Ixchel Pharma, LLC v. Biogen, Inc., No. 18-15258 (9th Cir. 2019)

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Justia Opinion Summary

The Ninth Circuit certified the following questions to the California Supreme Court: Does section 16600 of the California Business and Professions Code void a contract by which a business is restrained from engaging in a lawful trade or business with another business? Is a plaintiff required to plead an independently wrongful act in order to state a claim for intentional interference with a contract that can be terminated by a party at any time, or does that requirement apply only to at-will employment contracts?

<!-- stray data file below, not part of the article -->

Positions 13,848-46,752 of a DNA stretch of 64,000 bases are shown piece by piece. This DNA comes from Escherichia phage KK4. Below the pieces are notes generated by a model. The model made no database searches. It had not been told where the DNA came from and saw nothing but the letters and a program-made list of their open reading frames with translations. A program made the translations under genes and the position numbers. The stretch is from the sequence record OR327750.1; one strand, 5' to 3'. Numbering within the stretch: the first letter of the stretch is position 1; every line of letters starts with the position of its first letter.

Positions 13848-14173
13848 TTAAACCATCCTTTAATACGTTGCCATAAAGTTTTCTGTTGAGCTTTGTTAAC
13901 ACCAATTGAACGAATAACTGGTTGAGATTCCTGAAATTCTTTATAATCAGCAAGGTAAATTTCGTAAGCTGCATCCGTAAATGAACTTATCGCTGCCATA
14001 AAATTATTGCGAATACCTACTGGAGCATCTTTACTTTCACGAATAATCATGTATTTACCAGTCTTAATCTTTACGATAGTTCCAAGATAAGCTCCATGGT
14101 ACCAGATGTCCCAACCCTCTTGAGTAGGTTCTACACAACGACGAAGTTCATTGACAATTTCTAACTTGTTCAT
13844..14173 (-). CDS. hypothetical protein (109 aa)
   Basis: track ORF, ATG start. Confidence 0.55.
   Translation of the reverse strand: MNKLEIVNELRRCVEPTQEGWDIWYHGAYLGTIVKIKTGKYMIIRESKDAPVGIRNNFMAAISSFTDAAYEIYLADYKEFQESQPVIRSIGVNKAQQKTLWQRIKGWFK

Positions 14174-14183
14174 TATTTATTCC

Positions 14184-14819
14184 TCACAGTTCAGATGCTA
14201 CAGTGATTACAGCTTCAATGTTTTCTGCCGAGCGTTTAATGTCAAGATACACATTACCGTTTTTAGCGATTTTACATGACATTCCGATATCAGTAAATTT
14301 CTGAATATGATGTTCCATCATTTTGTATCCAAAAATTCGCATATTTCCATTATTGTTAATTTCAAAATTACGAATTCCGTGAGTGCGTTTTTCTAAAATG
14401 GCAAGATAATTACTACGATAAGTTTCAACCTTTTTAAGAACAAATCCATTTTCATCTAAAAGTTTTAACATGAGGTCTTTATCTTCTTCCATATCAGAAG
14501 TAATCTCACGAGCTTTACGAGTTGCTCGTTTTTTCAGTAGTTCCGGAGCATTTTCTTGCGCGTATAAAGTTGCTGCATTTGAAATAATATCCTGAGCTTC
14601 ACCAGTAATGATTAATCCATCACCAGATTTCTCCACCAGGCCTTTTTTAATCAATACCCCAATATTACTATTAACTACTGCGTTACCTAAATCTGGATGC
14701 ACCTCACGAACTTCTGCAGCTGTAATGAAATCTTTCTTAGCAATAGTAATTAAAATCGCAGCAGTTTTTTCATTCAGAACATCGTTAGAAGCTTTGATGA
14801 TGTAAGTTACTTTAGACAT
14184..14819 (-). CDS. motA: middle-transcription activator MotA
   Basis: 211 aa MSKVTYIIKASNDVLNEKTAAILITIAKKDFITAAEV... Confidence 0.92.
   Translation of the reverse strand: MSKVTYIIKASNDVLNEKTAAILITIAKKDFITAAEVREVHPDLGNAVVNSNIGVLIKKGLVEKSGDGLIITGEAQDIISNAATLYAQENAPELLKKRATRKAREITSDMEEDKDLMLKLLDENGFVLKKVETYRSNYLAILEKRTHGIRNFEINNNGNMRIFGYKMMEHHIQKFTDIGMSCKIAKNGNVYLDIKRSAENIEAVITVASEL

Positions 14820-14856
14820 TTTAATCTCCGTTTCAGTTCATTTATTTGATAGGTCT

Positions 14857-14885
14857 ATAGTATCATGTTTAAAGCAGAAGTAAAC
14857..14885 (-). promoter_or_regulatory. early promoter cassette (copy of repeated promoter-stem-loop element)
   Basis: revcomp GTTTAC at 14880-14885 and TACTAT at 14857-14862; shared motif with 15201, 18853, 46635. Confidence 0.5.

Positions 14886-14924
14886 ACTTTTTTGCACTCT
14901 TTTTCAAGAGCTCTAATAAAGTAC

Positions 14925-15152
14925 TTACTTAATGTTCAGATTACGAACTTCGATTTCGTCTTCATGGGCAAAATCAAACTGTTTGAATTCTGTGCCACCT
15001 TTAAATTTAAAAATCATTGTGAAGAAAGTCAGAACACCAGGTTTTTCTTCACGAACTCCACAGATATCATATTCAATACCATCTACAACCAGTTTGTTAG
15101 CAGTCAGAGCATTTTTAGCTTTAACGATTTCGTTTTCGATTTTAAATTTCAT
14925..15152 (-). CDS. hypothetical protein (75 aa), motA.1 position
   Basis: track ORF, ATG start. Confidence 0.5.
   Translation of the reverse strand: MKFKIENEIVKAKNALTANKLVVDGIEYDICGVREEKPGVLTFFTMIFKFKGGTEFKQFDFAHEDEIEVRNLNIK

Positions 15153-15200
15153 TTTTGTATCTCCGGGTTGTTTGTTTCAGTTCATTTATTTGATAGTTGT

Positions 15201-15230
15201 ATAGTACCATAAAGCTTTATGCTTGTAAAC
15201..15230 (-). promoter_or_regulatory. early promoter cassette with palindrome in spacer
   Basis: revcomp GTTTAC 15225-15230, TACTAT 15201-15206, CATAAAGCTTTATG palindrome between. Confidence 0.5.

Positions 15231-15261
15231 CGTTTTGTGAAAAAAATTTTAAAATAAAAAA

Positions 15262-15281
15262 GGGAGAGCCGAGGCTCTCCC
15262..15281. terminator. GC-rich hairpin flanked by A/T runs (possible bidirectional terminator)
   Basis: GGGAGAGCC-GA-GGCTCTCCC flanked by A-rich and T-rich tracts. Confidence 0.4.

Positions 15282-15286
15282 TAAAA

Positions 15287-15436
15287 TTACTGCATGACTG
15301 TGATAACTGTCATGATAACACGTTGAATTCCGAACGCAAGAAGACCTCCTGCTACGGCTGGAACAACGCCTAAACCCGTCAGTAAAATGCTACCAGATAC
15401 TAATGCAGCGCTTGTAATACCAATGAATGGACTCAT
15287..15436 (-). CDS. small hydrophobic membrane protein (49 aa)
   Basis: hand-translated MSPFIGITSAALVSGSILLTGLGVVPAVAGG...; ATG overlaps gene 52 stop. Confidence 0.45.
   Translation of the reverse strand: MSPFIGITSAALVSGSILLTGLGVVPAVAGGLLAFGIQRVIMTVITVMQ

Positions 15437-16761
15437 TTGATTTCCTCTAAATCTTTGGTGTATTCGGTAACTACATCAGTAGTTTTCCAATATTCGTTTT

Court Description: California Law/Business Torts. The panel certified to the California Supreme Court the following questions: Does section 16600 of the California Business and Professions Code void a contract by which a business is restrained from engaging in a lawful trade or business with another business? Is a plaintiff required to plead an independently wrongful act in order to state a claim for intentional interference with a contract that can be terminated by a party at any time, or does that requirement apply only to at-will employment contracts? IXCHEL PHARMA V. BIOGEN 3